Hidden East Anglia:
Landscape Legends of Eastern England
There is said to be a subterranean passage from an unspecified house here to Holy Innocents church (TL889360) in the neighbouring village of Lamarsh; and another from the 15th century (but wrongly-named) Manor House (TL879355) in Lamarsh Road, to somewhere in Cavendish, over 8 miles away in Suffolk.
Source: Jack Lindsay: ‘The Discovery of Britain’ (Merlin Press, 1958), p.205.
The Lady Well
Cloaked by old trees, this soggy spot in a field near the rectory used to be the Lady Well (TL586424), reached by a footpath called Dorvis Lane off the main road through Ashdon. The pool is said to be haunted by the ghost of a woman who was thrown from her carriage one night, when lightning startled her horses.
The bloodstained hill
According to the ‘Anglo-Saxon Chronicle’, in 1016 the conquering Danish army under Cnut was marauding across England. King Edmund Ironside pursued them into Essex, meeting them in a furious battle “at the place called Assandun”. Partly through the betrayal and desertion of one Eadric Streona, the king was beaten, and “there Cnut gained the victory, though all England fought against him.” Cnut became king of all England in 1020, and the ‘Chronicle’ then says that in this year, “the King [Cnut] went to Assandun, and caused a Minster to be built of stone and lime, for the souls of those who were slain there.”
It has long been a bone of contention as to which Essex village can lay claim to being ‘Assandun’ – Ashdon or Ashingdon. Some have even suggested Hadstock. Nowadays, it seems to be generally accepted that Ashingdon, and the hill on which stands the church of St. Andrew, was the actual site of the battle. Local legend has long said that no grass1 or trees2 will grow on the ‘bloodstained hill’ where the battle took place – which is given the lie since both seem to be plentiful on the hill today. The spirits of the slain warriors are said to haunt the hill, particularly on the anniversary of the conflict.3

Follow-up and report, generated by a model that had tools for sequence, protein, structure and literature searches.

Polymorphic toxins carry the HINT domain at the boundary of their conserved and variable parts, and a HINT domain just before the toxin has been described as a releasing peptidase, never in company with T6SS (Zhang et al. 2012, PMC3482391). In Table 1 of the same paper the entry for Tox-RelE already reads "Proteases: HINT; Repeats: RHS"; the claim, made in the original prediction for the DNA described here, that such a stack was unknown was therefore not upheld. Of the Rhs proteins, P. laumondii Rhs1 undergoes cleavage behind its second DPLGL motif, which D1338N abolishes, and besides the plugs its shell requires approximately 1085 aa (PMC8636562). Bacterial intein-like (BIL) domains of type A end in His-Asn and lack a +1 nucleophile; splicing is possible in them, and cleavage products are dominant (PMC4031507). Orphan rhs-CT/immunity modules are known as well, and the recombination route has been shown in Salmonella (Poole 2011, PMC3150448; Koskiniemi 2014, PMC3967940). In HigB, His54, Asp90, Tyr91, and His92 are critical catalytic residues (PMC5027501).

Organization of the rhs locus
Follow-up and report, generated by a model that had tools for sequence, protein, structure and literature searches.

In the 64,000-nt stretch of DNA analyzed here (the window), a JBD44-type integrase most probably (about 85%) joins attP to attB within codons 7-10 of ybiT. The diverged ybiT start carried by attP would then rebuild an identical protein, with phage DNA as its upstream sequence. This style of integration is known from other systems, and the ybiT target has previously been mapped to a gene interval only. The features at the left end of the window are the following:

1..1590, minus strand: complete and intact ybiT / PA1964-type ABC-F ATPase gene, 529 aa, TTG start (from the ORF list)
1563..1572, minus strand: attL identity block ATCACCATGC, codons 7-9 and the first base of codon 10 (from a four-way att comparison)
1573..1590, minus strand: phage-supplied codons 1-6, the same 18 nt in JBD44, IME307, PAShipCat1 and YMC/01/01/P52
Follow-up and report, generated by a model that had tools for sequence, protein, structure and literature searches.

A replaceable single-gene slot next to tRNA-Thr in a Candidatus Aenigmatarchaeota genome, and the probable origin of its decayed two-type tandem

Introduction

An alternative tradition, based on the battle having occurred instead at Ashdon, says that while that village’s church was built in remorse by Cnut over the graves of the English, his own Danish slain were buried in the (actually Roman) burial mounds called the Bartlow Hills – once in Essex, but now just over the border in Cambridgeshire.4 See also Hadstock and Bartlow.
1. Reader’s Digest ‘Folklore, Myths & Legends of Britain’, p.228.
2. Ivan Bunn: ‘Haunted Churches of East Anglia’ in ‘Lantern’ No. 6, Summer 1974, p.7.
3. Dee Gordon: 'Haunted Southend' (The History Press, 2012; ebook version)
4. J. Westwood & J. Simpson: ‘The Lore of the Land’ (Penguin Books, 2006), p.250.
Leading up to St. Andrew's church is a narrow lane called Church Road, beside which there used to be a tree upon which a woman is said to have hanged herself. Now she haunts the lane, her crying said to linger with those who hear it long afterward.
Source: Carmel King: 'Haunted Essex' (The History Press, 2009), p.68.
A long-vanished medieval preaching cross used to stand at the junction of Rectory Road and Ashingdon Road (TQ869919), on the parish boundary, and gave its name to this area of the village. The Golden Cross was supposed to be so-called after one Gilbert de Goldhord, who himself was named after a hoard of treasure found there.
Source: Terry Johnson: ‘Hidden Heritage: Discovering Ancient Essex’ (Capall Bann Publishing, 1996), p.67.
The 15th century mansion of Belhus (TQ571812) was demolished in the 1950s, with its site now forming part of a country park and golf course. From the old house a tunnel was said to lead to the parish church of St. Michael at TQ567801, less than a mile away.
Source: Glyn Morgan: ‘Secret Essex’ (Ian Henry Publications, 1982), p.54.